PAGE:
I love seeing behind the scenes, how things are made, automation and assembly stuff. It’s SO interesting and SO mind-boggling and SO outside of my experiences. SO I had great time when the f-s-i-l took us on a tour of the Lockheed plant in Ft Worth last Saturday. It’s not a place that’s open to the public, but employees are allowed to give pre-arranged plant tours to family and friends.
I could only take in so much, and have already warned the f-s-i-l that now he’s going to have to take me every year or two so that a little more information can sink in every time. Really, this is way out of my knowledge bubble, I can’t even keep the airplane names/numbers straight. The place is huge. The actual “factory” is almost exactly one mile long and employees roughly 14,500 people.
The coolest thing to see was probably the final assembly line where there were about 10 assembly bays/stations, each with a plane at a different phase of completion. We even saw the most complete plane getting powered up with eerie glowing lights and all.
But the coolest thing to learn was that the composite material is made there on site. I hear that term a lot, that a material is a composite, but that I didn’t really understand what that meant. At the plant, there is a room with huge rolls of plastic sheeting stuff, think butcher paper at the elementary schools. People cut off sheets of different stuff and layer it. They they cut it out and fit it onto these molds/forms which are them rolled into giant autoclaves for baking. It’s so weird to think of this bazillion dollar fighter jet made out layered sheets of plastic stuff. Kinda like my old Creepy Crawler kit that I had as a kid (though in that case the plastic started in a liquid form.)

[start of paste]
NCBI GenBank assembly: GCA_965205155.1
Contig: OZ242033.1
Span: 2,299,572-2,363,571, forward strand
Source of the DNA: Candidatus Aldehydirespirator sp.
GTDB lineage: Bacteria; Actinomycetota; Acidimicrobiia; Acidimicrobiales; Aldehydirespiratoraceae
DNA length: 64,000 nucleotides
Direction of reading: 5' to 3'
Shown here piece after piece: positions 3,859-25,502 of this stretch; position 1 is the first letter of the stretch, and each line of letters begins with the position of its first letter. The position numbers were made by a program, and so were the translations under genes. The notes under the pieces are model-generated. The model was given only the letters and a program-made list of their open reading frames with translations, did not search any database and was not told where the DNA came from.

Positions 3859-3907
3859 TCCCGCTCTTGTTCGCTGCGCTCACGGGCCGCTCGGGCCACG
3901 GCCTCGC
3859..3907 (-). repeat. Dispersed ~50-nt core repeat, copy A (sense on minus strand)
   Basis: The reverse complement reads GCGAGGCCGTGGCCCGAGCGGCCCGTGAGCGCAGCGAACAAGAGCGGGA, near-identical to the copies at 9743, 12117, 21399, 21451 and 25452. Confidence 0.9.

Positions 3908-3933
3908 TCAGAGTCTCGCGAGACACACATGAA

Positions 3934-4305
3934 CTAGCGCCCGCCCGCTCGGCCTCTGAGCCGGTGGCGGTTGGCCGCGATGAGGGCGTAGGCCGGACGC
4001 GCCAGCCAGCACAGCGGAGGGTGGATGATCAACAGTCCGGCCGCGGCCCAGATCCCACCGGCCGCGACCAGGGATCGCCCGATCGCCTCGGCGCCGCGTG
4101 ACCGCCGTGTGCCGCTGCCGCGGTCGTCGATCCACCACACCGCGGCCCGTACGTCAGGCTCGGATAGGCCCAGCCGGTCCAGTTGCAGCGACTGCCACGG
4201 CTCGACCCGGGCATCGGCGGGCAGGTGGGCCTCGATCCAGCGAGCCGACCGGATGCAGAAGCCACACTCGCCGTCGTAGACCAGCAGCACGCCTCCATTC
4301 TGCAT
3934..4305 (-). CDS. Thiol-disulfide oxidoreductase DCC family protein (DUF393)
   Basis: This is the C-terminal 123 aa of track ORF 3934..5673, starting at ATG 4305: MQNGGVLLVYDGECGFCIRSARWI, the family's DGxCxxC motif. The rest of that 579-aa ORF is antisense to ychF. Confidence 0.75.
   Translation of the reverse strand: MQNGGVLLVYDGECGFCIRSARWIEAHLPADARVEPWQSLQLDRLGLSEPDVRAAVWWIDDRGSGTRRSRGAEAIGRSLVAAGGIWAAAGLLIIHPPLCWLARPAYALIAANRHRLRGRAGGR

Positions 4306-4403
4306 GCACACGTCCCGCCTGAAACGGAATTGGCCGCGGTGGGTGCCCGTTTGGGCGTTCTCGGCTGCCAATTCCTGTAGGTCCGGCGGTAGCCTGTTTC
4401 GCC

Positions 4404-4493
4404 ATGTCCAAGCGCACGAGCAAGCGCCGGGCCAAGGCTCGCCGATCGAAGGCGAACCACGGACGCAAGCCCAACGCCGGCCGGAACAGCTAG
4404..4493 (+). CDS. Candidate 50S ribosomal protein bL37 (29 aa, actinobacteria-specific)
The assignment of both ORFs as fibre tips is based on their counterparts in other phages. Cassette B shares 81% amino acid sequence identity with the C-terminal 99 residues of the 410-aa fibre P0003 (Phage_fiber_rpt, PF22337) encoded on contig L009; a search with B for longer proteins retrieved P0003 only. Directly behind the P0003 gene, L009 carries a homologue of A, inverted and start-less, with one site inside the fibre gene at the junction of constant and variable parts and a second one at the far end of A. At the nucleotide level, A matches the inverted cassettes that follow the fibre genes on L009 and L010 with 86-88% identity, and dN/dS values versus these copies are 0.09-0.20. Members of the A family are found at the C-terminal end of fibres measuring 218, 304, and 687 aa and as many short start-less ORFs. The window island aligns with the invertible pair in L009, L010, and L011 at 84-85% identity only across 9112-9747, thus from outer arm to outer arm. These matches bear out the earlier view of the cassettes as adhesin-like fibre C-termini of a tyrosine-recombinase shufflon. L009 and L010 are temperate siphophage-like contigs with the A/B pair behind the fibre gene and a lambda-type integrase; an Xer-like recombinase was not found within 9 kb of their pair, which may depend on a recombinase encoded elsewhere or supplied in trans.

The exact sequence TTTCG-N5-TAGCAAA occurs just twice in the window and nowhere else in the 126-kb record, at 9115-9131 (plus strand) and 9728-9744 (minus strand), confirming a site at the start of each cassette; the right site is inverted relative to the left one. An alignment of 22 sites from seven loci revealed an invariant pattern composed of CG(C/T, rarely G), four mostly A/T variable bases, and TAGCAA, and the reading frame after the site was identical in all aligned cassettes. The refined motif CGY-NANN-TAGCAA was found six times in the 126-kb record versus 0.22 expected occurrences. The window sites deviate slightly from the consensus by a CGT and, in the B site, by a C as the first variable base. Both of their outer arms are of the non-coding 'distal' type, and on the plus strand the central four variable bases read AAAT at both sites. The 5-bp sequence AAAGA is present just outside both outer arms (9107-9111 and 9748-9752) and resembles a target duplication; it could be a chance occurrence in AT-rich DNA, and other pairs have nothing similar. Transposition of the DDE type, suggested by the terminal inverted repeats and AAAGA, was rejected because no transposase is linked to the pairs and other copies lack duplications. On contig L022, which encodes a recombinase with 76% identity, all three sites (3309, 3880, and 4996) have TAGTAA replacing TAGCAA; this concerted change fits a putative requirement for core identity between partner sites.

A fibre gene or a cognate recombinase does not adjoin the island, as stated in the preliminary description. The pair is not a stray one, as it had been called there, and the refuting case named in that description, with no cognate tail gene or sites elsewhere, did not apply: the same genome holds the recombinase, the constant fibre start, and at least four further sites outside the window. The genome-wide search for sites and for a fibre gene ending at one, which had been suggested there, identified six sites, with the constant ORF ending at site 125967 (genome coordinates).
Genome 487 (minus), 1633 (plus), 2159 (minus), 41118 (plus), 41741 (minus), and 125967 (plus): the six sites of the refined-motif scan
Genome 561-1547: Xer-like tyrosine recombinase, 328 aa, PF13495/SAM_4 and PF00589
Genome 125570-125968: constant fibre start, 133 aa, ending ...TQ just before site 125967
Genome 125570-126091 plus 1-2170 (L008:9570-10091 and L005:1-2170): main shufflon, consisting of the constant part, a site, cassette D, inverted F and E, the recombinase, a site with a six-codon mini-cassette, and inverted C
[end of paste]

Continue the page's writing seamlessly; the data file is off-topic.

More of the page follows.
Daughter #1 and I did a double-take when we read that one of the planes was “inherently unstable in flight.” We needed some explanation as to how that could ever be a good thing and why you would design a plane that was inherently unstable. F-s-i-l explained that the plane flies, but it takes a computer to make all the continuous adjustments to keep it in the air and under control. A human alone could not control the plane to do most maneuvers and maybe not even to fly straight. These are apparently not gliders. (And to think that I have trouble keeping those remote control helicopters that you see in the mall up in the air.)
F-s-i-l was very patient explaining lots of engineering and technology and answering all kinds of (stupid) why and what and when questions. So what stands out from this huge overload of information? This little tidbit from a hallway display highlighting the history of Lockheed: A distance record was set when an (unremembered name/number) aircraft flew from Perth, Australia to Columbus, Ohio in (perhaps inaccurately remembered) 57 hours, with a kangaroo on board. I can’t get it out of my mind – what happened to the kangaroo?! Was he buckled in a seat, looking out the window? Was he just in a big crate? Why? Did he have oxygen to breathe and water to drink? Did he just fly back to Perth? How? Did he end up in the Columbus Zoo? Does Columbus have a zoo? Next time I go back, I want some answers.